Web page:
By Lucia G. Varela, Rhonda J. Smith and Glenn T. McGourty, University of California Cooperative Extension
In the North Coast, the native Western grape leafhopper, Erythroneura elegantula, has historically been a pest of grapes that occasionally requires insecticide control. More recently, Virginia creeper leafhopper, E. ziczac, has been reported from northern California vineyards and, where abundant, it can cause significant damage if not controlled. Native to the northern Midwest, it has spread throughout Canada’s grape-growing regions and to Washington State. It was first reported in Butte County, California in 1984. Since then it has been detected in some northern California vineyards from the Oregon border to Sacramento, Solano and Yolo Counties in northern Sacramento Valley, in northern Sierra foothills and most recently in Lake and Mendocino Counties in the North Coast. It is also reported in large numbers on Virginia creeper and Boston ivy.
The biology and life cycle of Virginia creeper leafhopper is similar to that of Western grape leafhopper with two generations a year in the North Coast, and a possible partial third generation in warm years or locations. In most areas of the North Coast, Western grape leafhopper is controlled by its natural enemies, the most effective of which are a few species of Anagrus, a tiny wasp, about one-tenth as long as the leafhopper.
Anagrus lays a single egg inside Western grape leafhopper eggs. The wasp larva develops within the leafhopper egg. Signs of parasitism include the egg turning red during larva development and an exit hole when the adult wasp emerges. These parasitic wasps are extremely efficient due to their ability to locate and attack Western grape leafhopper eggs, therefore preventing increases in leafhopper population. In addition, the wasp’s short life cycle permits its populations to increase more rapidly than those of the leafhopper.
Given that leafhopper pests of grapes overwinter as adults, thus leafhopper eggs are not available for Anagrus to overwinter in, the tiny wasp overwinters inside eggs of a number of other insect hosts. Some of these overwintering hosts include blackberry, prune and apple leafhoppers eggs and possibly many others. In the spring Anagrus females disperse from the overwintering hosts as Western grape leafhopper females begin to lay eggs in grape leaves. Signs of parasitism on Western grape leafhopper eggs can be seen in early May in vineyards located within a 5- to 10- miles of Anagrus overwintering hosts. More distant vineyards may not show parasitism until midsummer.
While many Western grape leafhopper eggs are parasitized, very few Virginia creeper leafhopper eggs observed last year and so far this year appear to be parasitized in the Mendocino and Lake populations. Thus, if not controlled with an insecticide application, high populations by the end of the season may defoliate the vineyard.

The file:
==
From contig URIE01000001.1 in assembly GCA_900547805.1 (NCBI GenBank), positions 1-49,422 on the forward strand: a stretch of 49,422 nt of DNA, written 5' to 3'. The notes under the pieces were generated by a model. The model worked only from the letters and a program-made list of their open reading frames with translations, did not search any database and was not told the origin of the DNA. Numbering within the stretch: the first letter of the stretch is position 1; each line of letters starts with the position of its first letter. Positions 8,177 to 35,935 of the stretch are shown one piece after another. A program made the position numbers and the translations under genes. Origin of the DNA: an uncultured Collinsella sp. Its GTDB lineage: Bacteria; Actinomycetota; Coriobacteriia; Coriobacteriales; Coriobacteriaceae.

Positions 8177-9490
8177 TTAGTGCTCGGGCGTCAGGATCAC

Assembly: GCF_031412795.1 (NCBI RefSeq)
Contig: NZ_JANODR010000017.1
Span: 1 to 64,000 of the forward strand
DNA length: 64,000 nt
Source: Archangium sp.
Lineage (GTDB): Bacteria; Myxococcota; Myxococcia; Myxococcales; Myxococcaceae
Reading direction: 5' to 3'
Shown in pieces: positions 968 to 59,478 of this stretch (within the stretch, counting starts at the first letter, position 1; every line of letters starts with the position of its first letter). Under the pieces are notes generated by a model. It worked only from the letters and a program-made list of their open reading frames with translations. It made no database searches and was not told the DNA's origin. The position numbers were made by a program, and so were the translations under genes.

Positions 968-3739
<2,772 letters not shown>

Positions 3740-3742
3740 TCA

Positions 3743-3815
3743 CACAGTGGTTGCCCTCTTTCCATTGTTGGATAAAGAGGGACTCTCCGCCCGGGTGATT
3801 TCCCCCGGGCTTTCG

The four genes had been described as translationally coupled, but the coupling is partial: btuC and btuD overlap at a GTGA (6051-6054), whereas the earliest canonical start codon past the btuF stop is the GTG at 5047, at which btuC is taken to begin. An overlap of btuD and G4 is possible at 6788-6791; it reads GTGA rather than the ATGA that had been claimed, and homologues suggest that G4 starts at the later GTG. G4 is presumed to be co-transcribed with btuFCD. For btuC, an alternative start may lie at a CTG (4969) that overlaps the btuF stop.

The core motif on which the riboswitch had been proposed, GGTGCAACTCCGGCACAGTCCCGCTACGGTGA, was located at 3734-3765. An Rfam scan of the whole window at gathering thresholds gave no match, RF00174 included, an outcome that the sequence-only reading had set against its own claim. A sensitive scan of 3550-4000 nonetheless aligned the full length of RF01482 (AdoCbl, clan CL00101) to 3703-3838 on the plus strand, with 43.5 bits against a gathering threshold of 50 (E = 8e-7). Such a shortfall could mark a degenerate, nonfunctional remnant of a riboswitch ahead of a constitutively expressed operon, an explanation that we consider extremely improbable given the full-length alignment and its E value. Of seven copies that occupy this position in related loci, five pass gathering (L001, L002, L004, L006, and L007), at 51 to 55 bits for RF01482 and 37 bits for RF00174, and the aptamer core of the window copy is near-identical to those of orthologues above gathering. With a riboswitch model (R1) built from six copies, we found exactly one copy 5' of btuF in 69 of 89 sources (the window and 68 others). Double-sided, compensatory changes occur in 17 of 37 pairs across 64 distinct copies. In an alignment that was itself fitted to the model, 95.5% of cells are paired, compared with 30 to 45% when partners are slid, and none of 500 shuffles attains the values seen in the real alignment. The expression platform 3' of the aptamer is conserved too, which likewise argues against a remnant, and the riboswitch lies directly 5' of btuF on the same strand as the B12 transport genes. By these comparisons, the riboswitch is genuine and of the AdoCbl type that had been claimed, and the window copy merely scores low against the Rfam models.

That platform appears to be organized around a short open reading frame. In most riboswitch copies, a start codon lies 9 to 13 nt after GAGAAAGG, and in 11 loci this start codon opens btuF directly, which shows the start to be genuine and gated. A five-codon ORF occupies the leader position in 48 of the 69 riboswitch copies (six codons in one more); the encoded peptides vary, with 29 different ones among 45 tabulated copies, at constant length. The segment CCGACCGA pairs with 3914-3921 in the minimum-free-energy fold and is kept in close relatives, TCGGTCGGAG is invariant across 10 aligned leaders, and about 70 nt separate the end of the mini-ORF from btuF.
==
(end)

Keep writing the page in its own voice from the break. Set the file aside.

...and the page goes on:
Due to the highly efficient Anagrus, the Western grape leafhopper rarely requires chemical control. If parasitized eggs are observed during the first generation, there is a high likelihood that populations will remain within tolerance levels. As a result, the decision to treat the first generation can be delayed until the second to give Anagrus an opportunity for control.
At the moment, given that levels of parasitism appear to be very low for Virginia creeper leafhopper, controlling the first generation with insecticide is advisable where this insect is found. For this reason, it is important to be able to distinguish the two species. For guidance on identifying the two leafhopper species, view the video at http://ucanr.edu/vineyardleafhoppers
Both leafhopper species are small insects with adults about 3 mm (1/8th of an inch) long. Western grape leafhopper adults are pale yellow with orange, red and brown markings. As the scientific name implies, Virginia creeper leafhopper adults have a reddish-brown zigzag marking on each front wing on a pale white to yellow background and reddish-brown eyes.
In both species kidney-shaped eggs are deposited just beneath the epidermis on the underside of fully expanded leaves. Western grape leafhopper lays eggs singly while Virginia creeper leafhopper lays eggs side-by-side in groups of two to seven and far less frequently singly. The latter covers her eggs with a bluish-grey deposit called brochosomes, which makes the eggs more noticeable.
Leafhopper nymphs can be seen moving sideways primarily on the underside of leaves. The first-stage nymphs of both species are colorless, but older nymphs can be distinguished by the markings on the mid-part of the body (thorax) and eye color. Western grape leafhopper nymphs have six yellow markings on the thorax and white eyes that can be seen with a hand lens. Virginia creeper leafhopper nymphs have four dark reddish-brown spots on the thorax, readily seen with the naked eye, and reddish-brown eyes.
Virginia creeper leafhopper has not yet been spotted in Sonoma County as of this time. The closest location with populations in vineyards is Hopland in Mendocino County. Early identification is critical to prevent high populations that may cause damage by harvest.